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Crisis Resources:

  • NAMI HelpLine

  • NAMI Crisis Text Line

    • Text NAMI to 741-741

  • COPE (Hennepin County)

    • Adult: 612-596-1223

    • Child: 612-348-2233

  • Ramsey County

    • Adult: 651-266-7900

    • Child: 651-266-7878

  • Text Connect (Crisis counseling via text)

    • Text “HOME” to 741741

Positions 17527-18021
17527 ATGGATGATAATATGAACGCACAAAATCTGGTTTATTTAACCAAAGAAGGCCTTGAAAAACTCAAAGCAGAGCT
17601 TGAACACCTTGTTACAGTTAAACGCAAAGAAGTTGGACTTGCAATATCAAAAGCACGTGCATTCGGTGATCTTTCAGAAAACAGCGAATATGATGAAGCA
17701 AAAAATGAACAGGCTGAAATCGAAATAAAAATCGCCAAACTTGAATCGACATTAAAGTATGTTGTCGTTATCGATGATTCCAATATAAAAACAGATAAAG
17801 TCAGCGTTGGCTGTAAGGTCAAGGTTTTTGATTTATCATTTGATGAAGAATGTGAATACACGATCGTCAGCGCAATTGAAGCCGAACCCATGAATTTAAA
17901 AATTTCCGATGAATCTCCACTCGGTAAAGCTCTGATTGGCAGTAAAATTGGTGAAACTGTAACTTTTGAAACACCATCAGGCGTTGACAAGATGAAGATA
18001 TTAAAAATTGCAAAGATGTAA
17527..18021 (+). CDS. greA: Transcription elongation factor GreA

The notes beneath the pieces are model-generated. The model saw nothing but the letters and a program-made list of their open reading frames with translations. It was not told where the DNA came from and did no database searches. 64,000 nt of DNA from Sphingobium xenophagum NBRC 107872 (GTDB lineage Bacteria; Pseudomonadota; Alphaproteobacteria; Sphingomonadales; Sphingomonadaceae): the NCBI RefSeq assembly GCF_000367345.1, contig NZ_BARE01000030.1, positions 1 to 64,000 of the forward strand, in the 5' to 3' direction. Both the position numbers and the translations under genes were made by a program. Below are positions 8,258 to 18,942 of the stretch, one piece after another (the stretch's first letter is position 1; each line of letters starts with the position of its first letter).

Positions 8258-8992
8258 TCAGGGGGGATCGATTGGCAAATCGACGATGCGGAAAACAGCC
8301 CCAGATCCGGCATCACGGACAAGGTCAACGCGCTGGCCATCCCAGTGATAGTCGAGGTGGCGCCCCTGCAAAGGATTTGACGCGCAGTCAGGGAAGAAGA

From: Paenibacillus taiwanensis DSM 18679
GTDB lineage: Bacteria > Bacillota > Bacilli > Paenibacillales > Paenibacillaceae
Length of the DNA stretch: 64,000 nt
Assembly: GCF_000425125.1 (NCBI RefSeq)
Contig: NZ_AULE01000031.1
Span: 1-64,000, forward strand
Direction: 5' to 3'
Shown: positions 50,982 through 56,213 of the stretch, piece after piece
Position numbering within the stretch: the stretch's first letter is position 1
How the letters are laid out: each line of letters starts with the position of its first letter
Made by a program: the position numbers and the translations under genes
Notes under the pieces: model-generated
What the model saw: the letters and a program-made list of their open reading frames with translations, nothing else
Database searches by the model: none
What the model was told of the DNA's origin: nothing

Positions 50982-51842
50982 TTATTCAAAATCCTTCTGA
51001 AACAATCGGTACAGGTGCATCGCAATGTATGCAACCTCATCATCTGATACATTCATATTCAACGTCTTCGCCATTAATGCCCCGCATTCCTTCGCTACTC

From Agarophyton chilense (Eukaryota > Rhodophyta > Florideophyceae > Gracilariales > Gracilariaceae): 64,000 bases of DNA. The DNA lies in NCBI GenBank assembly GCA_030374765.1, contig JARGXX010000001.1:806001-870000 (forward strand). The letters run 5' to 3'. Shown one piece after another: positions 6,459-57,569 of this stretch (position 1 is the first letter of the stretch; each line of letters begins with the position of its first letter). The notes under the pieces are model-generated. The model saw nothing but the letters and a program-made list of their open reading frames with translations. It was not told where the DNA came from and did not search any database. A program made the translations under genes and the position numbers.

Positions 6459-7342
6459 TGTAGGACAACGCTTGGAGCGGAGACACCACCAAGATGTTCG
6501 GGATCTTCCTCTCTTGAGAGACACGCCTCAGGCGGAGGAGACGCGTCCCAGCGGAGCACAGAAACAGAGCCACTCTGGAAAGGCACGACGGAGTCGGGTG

Addiction Center. (n.d.). What is post-acute withdrawal syndrome?

Bridges of Hope. (n.d.). What is post-acute withdrawal syndrome (PAWS)?

Hazelden Berry Ford Foundation. (2019, October 31). Post-acute withdrawal syndrome.

Resnick Neuropsychiatric Hospital. (n.d.). Post-acute withdrawal syndrome.

Semel Institute for Neuroscience and Human Behavior. (2022). Post-acute withdrawal syndrome



Snipes, D. (2021, March 19). Post-acute withdrawal syndrome PAWS neurochemical causes &

     interventions[video]. YouTube.


StoneRidge. (n.d.). How long does it take the brain to recover from addiction?